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Mortgage Market Report

Mid Year 2024

On balance, a surprise to the upside

In December 2023 UK Finance (UKF) forecast that mortgage lending will remain weak again this year for both prospective and existing mortgage borrowers. This is largely due to affordability pressures from higher interest rates and an increase in cost of living.

After gross volumes declined from £316bn in 2022 to £226bn in 2023, a further reduction to £215bn was the baseline forecast for 2024 & 2025. This was based on an assumption of a gradual and modest improvement in affordability  with interest rates normalising at higher levels compared to the last decade. Such a weak outcome would equate to relatively flat net mortgage lending, a far cry from the typical £40-50bn annual growth of the pre pandemic years. The trend of existing borrowers opting to refinance their loans via a Product Transfer was also expected to continue.

The same UKF forecasts also anticipated the financial resilience of borrowers would be tested again in 2024 with more households falling into arrears. Although the rigorous affordability tests in place since 2014 were expected to mitigate the risks of a material increase in mortgage stress.

As we approach half year, the overall report card might read … “better-than-expected” and looking ahead into H2, there remain grounds for a cautious optimism that earlier forecasts for the full year may have understated.

Macro growth resuming as inflation pressures recede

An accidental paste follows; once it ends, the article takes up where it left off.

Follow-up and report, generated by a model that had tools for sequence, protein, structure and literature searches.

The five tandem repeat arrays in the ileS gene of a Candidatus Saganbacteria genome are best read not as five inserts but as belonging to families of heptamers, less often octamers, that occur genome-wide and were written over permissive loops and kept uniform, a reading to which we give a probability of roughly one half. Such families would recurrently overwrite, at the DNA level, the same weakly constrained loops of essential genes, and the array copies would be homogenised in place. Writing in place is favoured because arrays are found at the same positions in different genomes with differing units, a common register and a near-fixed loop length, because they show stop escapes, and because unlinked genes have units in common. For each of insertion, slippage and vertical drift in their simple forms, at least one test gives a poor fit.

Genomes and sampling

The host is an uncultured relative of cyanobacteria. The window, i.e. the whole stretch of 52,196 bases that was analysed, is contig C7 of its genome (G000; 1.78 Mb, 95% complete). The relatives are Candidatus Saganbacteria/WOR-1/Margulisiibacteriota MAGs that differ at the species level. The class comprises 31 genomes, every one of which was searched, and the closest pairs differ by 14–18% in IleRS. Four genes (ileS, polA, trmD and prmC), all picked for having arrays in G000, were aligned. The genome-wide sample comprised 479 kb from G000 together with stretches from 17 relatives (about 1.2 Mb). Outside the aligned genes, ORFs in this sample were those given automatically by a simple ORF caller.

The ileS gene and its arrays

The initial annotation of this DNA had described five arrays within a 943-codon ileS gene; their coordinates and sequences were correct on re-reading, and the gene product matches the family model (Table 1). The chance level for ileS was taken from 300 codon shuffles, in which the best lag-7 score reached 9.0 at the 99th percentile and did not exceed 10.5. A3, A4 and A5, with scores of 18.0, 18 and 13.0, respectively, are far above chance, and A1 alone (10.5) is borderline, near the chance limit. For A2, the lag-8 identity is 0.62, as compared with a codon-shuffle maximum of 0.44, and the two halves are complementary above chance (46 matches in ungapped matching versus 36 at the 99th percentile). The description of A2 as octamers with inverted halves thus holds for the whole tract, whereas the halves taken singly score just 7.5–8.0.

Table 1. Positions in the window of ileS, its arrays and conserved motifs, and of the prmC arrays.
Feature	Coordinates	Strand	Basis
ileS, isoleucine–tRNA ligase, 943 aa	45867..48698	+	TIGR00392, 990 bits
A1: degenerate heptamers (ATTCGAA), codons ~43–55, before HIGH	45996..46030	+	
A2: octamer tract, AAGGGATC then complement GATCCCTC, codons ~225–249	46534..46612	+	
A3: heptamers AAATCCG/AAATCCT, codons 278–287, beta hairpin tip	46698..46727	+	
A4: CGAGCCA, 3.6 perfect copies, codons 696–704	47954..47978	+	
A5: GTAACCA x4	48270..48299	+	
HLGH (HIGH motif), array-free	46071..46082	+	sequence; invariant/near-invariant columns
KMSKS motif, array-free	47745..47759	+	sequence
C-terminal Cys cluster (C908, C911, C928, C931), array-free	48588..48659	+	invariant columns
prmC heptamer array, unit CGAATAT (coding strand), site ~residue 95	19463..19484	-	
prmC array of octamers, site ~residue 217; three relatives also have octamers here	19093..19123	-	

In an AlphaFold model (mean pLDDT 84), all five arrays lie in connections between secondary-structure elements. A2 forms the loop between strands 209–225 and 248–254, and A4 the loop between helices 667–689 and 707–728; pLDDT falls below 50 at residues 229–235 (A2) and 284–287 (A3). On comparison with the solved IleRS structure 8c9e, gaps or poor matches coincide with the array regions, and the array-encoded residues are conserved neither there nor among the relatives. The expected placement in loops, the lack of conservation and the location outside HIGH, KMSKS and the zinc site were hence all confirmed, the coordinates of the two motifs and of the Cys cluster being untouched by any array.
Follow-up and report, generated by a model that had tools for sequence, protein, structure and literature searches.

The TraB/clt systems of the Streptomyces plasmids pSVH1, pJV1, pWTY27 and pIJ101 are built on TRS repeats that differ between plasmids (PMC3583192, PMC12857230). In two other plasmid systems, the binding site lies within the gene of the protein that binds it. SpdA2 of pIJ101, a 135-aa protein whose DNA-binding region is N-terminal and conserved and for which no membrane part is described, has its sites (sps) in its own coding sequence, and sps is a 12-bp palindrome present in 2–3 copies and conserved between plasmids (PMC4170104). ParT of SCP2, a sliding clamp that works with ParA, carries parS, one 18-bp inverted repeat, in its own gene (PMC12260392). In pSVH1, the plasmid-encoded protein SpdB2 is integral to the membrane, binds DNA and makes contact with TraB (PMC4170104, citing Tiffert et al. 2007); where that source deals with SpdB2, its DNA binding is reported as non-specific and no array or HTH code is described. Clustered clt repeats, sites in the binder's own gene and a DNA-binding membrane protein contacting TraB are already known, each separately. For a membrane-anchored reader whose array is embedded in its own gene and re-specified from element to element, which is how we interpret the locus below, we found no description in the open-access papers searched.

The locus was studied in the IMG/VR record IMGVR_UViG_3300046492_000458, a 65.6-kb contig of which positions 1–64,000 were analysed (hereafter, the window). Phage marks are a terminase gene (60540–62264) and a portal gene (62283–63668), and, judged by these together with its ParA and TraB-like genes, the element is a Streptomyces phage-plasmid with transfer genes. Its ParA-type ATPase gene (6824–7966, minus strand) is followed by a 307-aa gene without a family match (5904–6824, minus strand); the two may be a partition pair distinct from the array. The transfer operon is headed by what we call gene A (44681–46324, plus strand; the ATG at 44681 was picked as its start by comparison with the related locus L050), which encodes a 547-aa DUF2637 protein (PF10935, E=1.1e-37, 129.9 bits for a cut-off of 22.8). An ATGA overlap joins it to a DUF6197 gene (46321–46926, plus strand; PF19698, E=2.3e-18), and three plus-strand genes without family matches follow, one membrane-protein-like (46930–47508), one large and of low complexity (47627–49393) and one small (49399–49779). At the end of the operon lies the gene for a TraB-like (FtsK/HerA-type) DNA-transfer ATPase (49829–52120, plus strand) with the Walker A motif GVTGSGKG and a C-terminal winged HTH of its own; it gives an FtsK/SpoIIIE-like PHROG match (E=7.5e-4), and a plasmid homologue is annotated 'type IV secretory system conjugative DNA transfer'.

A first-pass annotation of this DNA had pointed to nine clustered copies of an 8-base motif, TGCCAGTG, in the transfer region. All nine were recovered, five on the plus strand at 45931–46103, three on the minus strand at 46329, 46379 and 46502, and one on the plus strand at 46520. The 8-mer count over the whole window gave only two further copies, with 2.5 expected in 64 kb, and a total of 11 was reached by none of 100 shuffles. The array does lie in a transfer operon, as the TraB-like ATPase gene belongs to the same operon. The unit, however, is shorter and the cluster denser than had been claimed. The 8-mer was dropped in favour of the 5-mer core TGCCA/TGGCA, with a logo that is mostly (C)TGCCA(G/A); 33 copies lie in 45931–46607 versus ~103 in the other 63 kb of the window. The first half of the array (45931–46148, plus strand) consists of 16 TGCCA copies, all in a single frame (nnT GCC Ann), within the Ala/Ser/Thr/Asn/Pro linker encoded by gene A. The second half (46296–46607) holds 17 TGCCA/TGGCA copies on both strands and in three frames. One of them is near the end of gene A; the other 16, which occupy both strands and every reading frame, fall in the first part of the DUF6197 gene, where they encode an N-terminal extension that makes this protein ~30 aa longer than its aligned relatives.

After the relatively shallow recession in H2 23, the GDP data in Q1 alongside relatively upbeat  business and consumer surveys suggest that the UK economy has returned to a path of modest, if unspectacular growth. With headline inflation falling towards the 2.0% target by early summer and wage growth still relatively robust, the slow and gradual recovery in real disposable household incomes is progressing.  

The key risk to a sustained recovery in the next 12 months has been identified as ongoing geopolitical uncertainties which potentially could trigger an adverse “market event” or a second “inflation shock” if we see a resurgence in energy prices. There are also residual concerns that the underlying inflation outlook may prove to be more “sticky”, limiting the scope of potential interest rate cuts.

Housing market yet to fully adjust but prices resilient

The housing market has held up relatively well post pandemic,  despite expectations of a sharp decline in  prices. In the immediate aftermath of the ill-fated minibudget in late 2022, the widely held view was for a 10-15% decline in house prices, consistent with a sharp increase in borrowing costs. 

Between late 2022 and last Autumn average house prices did fall by about 5% but since then, have been on a gently upwards trend again, albeit with some month on month volatility and regional variations.

Mortgage market dynamics have been pivotal

After the “convulsion” in borrowing rates in late 2022, home loan pricing has stabilised in a lower and narrower range while the higher concentration of fixed rate mortgages has delayed and spread out the full impact of rising interest rates on mortgage payments. To date, around two thirds of the total impact of the increase in base rates from 0.15% to 5.25% has fed through to mortgage payers, softening the blow on the housing market.